BMJ-British Medical Journal. "New study casts doubt on link between chronic fatigue syndrome and human retrovirus XMRV." ScienceDaily. ScienceDaily, 26 February 2010. <www.sciencedaily.com/releases/2010/02/100225214803.htm>.
BMJ-British Medical Journal. (2010, February 26). New study casts doubt on link between chronic fatigue syndrome and human retrovirus XMRV. ScienceDaily. Retrieved October 21, 2014 from www.sciencedaily.com/releases/2010/02/100225214803.htm
BMJ-British Medical Journal. "New study casts doubt on link between chronic fatigue syndrome and human retrovirus XMRV." ScienceDaily. www.sciencedaily.com/releases/2010/02/100225214803.htm (accessed October 21, 2014).

Share This



More Health & Medicine News

Tuesday, October 21, 2014

Featured Research

from universities, journals, and other organizations


Featured Videos

from AP, Reuters, AFP, and other news services

How Nigeria Beat Its Ebola Outbreak

How Nigeria Beat Its Ebola Outbreak

Newsy (Oct. 20, 2014) The World Health Organization has declared Nigeria free of Ebola. Health experts credit a bit of luck and the government's initial response. Video provided by Newsy
Powered by NewsLook.com
Another Study Suggests Viagra Is Good For The Heart

Another Study Suggests Viagra Is Good For The Heart

Newsy (Oct. 20, 2014) An ingredient in erectile-dysfunction medications such as Viagra could improve heart function. Perhaps not surprising, given Viagra's history. Video provided by Newsy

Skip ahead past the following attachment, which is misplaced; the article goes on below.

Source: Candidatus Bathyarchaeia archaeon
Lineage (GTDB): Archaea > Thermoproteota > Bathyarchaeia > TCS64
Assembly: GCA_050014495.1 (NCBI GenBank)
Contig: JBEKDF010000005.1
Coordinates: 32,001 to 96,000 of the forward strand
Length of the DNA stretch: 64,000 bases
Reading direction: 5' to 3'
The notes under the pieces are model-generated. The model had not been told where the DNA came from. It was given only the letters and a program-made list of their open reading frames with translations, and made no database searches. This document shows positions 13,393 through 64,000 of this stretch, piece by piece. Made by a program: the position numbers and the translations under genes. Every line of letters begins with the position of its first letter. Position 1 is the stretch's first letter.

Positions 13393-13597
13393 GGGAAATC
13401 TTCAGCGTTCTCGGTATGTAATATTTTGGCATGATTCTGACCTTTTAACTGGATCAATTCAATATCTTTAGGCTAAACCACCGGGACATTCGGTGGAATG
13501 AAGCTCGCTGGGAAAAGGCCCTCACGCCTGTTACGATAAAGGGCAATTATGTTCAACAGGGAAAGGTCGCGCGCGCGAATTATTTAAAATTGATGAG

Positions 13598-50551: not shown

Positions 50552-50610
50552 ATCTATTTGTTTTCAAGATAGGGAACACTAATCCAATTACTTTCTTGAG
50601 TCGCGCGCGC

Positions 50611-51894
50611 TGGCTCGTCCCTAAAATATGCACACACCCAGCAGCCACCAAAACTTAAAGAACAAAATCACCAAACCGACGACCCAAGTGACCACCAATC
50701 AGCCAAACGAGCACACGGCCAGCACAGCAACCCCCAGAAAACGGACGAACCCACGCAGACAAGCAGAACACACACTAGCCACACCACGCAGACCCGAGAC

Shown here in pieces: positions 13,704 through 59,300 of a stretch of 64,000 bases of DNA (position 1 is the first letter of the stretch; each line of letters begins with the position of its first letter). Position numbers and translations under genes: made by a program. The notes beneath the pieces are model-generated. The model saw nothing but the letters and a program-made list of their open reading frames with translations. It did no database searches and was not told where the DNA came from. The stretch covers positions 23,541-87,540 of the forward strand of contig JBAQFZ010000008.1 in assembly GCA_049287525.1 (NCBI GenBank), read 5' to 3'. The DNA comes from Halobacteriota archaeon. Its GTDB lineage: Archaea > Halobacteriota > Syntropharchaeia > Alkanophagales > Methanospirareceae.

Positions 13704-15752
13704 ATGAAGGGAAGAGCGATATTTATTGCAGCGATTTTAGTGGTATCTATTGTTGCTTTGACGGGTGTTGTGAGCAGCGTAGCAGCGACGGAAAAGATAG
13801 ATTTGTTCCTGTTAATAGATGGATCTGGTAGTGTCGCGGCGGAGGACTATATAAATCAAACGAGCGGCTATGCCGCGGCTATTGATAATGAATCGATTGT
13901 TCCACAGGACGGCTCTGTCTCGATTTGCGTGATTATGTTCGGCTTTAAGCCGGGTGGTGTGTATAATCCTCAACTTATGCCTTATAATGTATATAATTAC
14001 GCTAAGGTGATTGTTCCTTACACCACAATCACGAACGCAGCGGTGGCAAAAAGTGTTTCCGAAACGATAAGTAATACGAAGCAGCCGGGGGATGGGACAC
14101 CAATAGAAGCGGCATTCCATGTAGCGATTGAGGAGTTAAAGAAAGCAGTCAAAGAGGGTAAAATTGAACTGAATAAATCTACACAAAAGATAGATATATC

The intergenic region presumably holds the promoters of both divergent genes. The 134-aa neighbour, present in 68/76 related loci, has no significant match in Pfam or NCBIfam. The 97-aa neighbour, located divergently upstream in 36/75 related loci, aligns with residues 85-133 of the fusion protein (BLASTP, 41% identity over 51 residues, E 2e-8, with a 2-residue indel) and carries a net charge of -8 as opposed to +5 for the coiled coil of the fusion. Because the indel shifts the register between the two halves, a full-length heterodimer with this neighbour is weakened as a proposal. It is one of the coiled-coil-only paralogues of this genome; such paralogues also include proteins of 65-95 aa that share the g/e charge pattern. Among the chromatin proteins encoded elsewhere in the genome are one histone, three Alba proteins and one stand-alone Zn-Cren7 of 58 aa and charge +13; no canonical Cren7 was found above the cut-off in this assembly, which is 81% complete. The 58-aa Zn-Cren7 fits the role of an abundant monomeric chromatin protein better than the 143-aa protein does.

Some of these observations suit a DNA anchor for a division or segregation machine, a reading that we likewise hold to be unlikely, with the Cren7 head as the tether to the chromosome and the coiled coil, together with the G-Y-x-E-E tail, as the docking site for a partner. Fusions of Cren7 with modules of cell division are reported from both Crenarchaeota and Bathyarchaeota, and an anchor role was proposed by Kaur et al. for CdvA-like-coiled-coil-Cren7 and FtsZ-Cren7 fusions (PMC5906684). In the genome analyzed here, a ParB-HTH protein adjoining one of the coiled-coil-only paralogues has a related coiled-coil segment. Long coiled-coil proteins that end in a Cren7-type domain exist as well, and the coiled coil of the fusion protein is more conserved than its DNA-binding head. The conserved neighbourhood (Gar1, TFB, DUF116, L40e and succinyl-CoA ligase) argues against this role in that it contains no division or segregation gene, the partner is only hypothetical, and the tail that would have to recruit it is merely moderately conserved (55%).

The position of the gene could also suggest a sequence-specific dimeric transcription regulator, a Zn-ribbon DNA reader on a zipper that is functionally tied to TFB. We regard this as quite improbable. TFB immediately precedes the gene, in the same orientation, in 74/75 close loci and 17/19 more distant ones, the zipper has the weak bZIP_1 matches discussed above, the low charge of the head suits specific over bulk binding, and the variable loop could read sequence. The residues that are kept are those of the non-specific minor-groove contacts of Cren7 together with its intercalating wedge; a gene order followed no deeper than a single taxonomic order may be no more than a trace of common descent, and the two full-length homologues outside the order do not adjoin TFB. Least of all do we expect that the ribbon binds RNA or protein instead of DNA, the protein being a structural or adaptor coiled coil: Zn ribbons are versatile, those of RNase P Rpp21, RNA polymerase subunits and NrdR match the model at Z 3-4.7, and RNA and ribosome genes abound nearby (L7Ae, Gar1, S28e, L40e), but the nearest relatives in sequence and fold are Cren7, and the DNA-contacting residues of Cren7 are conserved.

Powered by NewsLook.com
Ebola Worries End for Dozens on U.S. Watch Lists

Ebola Worries End for Dozens on U.S. Watch Lists

Reuters - US Online Video (Oct. 20, 2014) Forty-three people who had contact with Thomas Eric Duncan, the first person diagnosed with Ebola in the U.S., were cleared overnight of twice-daily monitoring after 21 days of showing no symptoms. Rough Cut (no reporter narration). Video provided by Reuters
Powered by NewsLook.com
CDC Calls for New Ebola Safety Guidelines

CDC Calls for New Ebola Safety Guidelines

AP (Oct. 20, 2014) Centers for Disease Control and Prevention Director Dr. Tom Frieden laid out new guidelines for health care workers when dealing with the deadly Ebola virus including new precautions when taking off personal protective equipment. (Oct. 20) Video provided by AP
Powered by NewsLook.com

Search ScienceDaily

Number of stories in archives: 140,361

Find with keyword(s):
Enter a keyword or phrase to search ScienceDaily for related topics and research stories.

Save/Print:
Share:

Breaking News:

Strange & Offbeat Stories


Health & Medicine

Mind & Brain

Living & Well

In Other News

... from NewsDaily.com

Science News

Health News

Environment News

Technology News



Save/Print:
Share:

Free Subscriptions


Get the latest science news with ScienceDaily's free email newsletters, updated daily and weekly. Or view hourly updated newsfeeds in your RSS reader:

Get Social & Mobile


Keep up to date with the latest news from ScienceDaily via social networks and mobile apps:

Have Feedback?


Tell us what you think of ScienceDaily -- we welcome both positive and negative comments. Have any problems using the site? Questions?
Mobile: iPhone Android Web
Follow: Facebook Twitter Google+
Subscribe: RSS Feeds Email Newsletters
Latest Headlines Health & Medicine Mind & Brain Space & Time Matter & Energy Computers & Math Plants & Animals Earth & Climate Fossils & Ruins